My 5-year-old daughter, Petunia, has been wearing a tiara nonstop for the past three months. When I say nonstop, I mean she wears it to sleep, school, to soccer games, and on the toilet. She wore it in the swimming pool last weekend and only took it off in the shower when I threatened to dislodge the gems to wash them individually, thereby risking that they all fall down the drain. There’s no occasion too un-fancy for her to wear it. Breathing is a special occasion, or at least one special enough that it deserves a tiara. She’s a little past Cinderella and Snow White (although not past them enough that she didn’t threaten to throw a tantrum when the hygienist at the dentist told her recently that the only toothbrushes left were from Cars and Monsters University). But she’s crushing hard on Sofia the First these days. Thankfully (for me), Sofia is about as kind as royalty comes.
I read a lot of criticism about princess culture with a great deal of interest. Partly because Petunia is so into them, and partly because I’d like to avoid any parenting missteps. Fortunately I am keenly aware that I am in control of what my daughter consumes. She isn’t allowed unfettered access to the TV. She doesn’t have a credit card to buy Sofia socks whenever her toes get chilly. The Sofia books she has all have positive messages about friendship, honesty and generosity. Plus, she has no problem getting down and dirty in the mud (just as long as she’s wearing a tiara). I think we’re all good.
Still, I read on Jezebel (via Ad Age) about how an all-girls Catholic school in Kentucky, Mercy Academy, is advertising itself as a higher learning institution by telling girls: “You are not a princess” and “Life is not a fairytale.”
What’s unfortunate about the campaign is that there are so many princess haters out there that the message will be lost on them. They’re going to talk about the sexualization of young girls and the lack of diversity on cartoon thrones. But that’s not what this this campaign about. At least not to me.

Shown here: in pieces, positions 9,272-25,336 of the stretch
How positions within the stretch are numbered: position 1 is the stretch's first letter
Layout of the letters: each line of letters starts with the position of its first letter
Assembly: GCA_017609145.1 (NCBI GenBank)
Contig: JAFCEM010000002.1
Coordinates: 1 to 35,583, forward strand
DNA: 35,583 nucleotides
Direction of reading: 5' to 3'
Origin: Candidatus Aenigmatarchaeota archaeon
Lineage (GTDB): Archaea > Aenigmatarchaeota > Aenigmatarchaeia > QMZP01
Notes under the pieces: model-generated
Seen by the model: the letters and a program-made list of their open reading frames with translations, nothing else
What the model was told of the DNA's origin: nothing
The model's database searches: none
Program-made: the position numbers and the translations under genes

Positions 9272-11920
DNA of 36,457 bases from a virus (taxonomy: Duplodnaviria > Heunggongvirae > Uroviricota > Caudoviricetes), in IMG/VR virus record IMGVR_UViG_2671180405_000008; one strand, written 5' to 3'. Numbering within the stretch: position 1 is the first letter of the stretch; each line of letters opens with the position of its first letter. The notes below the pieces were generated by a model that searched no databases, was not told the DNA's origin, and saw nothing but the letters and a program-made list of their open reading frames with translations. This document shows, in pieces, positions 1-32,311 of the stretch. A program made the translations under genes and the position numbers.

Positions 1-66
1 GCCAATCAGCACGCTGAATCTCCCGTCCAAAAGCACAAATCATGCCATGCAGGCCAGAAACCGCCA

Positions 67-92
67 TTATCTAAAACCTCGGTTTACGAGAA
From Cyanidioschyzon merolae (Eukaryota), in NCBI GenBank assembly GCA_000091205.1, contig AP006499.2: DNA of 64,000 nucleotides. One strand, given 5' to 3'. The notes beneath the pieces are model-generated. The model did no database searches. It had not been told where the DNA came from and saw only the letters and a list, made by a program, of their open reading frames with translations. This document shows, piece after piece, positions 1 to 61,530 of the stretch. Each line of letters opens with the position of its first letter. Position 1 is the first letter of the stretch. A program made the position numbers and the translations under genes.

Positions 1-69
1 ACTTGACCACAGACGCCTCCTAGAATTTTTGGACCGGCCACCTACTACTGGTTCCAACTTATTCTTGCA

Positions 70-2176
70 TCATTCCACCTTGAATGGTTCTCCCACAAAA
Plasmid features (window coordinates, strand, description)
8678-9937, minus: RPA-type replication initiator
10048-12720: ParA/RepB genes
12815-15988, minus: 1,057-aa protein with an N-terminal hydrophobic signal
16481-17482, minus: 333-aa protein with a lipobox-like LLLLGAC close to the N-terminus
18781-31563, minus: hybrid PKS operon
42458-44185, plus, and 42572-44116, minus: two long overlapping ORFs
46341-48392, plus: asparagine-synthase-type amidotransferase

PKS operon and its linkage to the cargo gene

As a mom and a woman, I have no problem with princesses. Hell, if someone handed me a tiara (with real jewels), I’d slap it on my head with Krazy Glue. I don’t enjoy the perception that girls are in need of rescuing, but that’s never been the message that my daughter has taken from fairy tales.
The fact is, Mercy Academy’s message is not just for girls, and it really has nothing to do with princesses. The notion that life can be or should be a fairytale is an important one for us to address as parents not just for our girls, but for our boys, too. Boys need to know they’re not all going to grow up to be the next Bill Gates or LeBron James without having the natural talent and doing the excruciating work it takes to get to that level. Just like girls aren’t all necessarily going to grow up to be Taylor Swift or Duchess Catherine just because they want to be or because they’re just that pretty. This isn’t to say kids can’t fantasize, it’s just that they can’t only fantasize or buy too deeply into the promise of a happy ending to the detriment of forgoing actual hard work. Kids should know that they’re special, but not any more special than anyone else. They can’t wait for Prince Charming, Oprah or some other mythical, magical being to come along and make life happen for them. They need to make it happen for themselves.
For a couple of generations now, parents have been telling their kids just how smart/talented/generally awesome they are, but it’s time kids realize just how much of those things they’re not. Which is not to say they should be emotionally abused. They just need to separate fantasy from real life, or at least from their lives.
People in my generation, for example, mostly had parents who told us to take that summer internship where we used our expensive and impressive college degrees to fetch coffee — and to have a big, bright smile on our face when we did it. We were most definitely not suing our employers for overworking and underpaying us. (Even Cinderella didn’t complain about sweeping the floors.)
Princesses, like society, have come a long way. Sofia and Merida are more about integrity, strength, friendship and being their own hero than looking dollish and acting coquettish.
The encouraging thing about the Mercy Academy campaign message is that it’s urging girls to be their own fairy godmothers. And when you get right to it — it’s a message that even princesses would approve of.
Take a look at my little princess, who will someday save the world, one tiara at a time:
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